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Can Rachel Weisz Save “The Whistleblower”?

Can Rachel Weisz Save "The Whistleblower"?

As we know from her role as the anti-big-pharma activist in The Constant Gardener, Rachel Weisz can perform a rare feat: playing socially-conscious heroines who are fierce and passionate without being self-righteous. In The Whistleblower she is so perfectly cast as a woman who stumbles across high-level sex-trafficking that she almost single-handedly carries this disjointed movie and its weighty theme.

Weisz’ character, Kathy Bolkovac (based on a real woman) is a Nebraska police officer who goes to Bosnia in 1999 as part of a well-paid U.N. peacekeeping force. It’s horrific enough when she learns that young women are being kidnapped and forced into prostitution. Eventually she discovers that the local police and even U.N. bureaucrats are complicit. If only director Larysa Kondracki had made a film as compelling as its subject. Instead of sleek suspense, though, The Whistleblower comes with too many moving parts, arranged in more of a jumble than a coherent whole.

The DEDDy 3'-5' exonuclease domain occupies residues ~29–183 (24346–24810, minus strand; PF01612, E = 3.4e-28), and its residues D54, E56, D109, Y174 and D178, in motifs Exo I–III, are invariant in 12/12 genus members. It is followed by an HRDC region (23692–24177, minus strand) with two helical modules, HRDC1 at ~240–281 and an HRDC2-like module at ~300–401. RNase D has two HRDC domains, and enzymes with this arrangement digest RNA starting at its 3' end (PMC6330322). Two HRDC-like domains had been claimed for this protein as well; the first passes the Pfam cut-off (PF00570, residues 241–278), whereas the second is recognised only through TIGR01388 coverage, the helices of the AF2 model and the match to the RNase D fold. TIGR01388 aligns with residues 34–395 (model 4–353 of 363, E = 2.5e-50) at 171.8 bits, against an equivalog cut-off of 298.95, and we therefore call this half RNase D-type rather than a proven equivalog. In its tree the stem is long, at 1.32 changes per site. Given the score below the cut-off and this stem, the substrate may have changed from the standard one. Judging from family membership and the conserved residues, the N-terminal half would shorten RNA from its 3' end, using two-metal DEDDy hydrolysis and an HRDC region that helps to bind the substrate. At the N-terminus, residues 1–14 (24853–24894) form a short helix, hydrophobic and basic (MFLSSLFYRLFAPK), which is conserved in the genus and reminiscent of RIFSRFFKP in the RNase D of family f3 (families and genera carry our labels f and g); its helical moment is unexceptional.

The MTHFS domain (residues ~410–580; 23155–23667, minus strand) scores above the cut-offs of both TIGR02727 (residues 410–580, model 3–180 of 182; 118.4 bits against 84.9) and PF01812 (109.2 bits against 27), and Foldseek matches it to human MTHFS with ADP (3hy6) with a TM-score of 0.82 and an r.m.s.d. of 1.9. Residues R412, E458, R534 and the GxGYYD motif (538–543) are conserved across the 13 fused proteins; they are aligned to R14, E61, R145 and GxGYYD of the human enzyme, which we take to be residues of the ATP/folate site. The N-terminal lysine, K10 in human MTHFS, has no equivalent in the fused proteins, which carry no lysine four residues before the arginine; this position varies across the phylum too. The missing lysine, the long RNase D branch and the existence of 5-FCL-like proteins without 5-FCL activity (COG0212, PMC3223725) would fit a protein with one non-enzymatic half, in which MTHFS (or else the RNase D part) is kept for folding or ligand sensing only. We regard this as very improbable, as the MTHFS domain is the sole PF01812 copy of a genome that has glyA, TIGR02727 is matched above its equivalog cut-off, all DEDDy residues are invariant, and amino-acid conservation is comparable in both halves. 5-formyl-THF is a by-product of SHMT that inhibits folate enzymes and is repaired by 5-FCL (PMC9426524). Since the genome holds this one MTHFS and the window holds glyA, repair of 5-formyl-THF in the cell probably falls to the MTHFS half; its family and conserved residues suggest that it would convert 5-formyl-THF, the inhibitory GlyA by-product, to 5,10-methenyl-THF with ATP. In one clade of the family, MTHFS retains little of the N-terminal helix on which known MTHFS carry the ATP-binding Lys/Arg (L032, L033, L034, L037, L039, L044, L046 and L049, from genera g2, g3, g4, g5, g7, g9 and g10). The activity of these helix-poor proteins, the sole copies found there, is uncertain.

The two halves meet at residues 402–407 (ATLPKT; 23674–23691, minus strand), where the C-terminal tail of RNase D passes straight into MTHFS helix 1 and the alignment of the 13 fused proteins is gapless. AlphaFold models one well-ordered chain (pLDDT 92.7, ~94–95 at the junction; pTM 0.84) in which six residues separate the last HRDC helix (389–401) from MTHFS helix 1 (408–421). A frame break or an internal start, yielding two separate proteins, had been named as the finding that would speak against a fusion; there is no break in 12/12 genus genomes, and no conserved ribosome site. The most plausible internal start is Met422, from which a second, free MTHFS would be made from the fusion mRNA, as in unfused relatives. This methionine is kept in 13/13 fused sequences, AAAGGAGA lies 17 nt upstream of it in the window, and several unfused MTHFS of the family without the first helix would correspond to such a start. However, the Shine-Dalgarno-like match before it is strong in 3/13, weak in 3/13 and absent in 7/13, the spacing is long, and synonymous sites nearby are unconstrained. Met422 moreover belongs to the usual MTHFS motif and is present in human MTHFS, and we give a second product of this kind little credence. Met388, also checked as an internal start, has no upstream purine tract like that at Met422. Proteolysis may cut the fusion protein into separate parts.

The film (written by Kondracki and Eilis Kirwan) begins with unidentified young women being abducted, then zooms back to Kathy in Nebraska, where she needs a better job if she hopes to regain custody of her daughter. Soon she’s in Bosnia, a victim of sexism in her unit, surrounded by corruption. Kathy may be puzzling out who the villains are, but we should at least have a more lucid sense of which characters are local cops and which are just thugs. Add to that a half-baked plot about Kathy’s new love interest (Nikolaj Lie Kaas, so affecting in Suzanne Bier’s Brothers) and what should have been a taut thriller feels clumsily cobbled together.

As always, Weisz is supremely convincing, as Kathy responds with disbelief and outrage. Vanessa Redgrave and David Strathairn strengthen the film in small roles as bureaucrats Kathy hopes will help her. But it all adds up to a wasted opportunity.

Both Weisz and Kondracki are clearly invested in exposing the truth, just as Kathy did when she blew the whistle on her own organization. And we witness a few startling scenes, including a view of a basement where women are kept in such squalid captivity that the phrase “white slavery” becomes visceral. But Kondracki always seems more interested in the story’s brute facts than its narrative arc. Weisz’ sense of discovery keeps us watching, but even she can’t disguise the way The Whistleblower is a rickety drama too easily reduced to a noble message.

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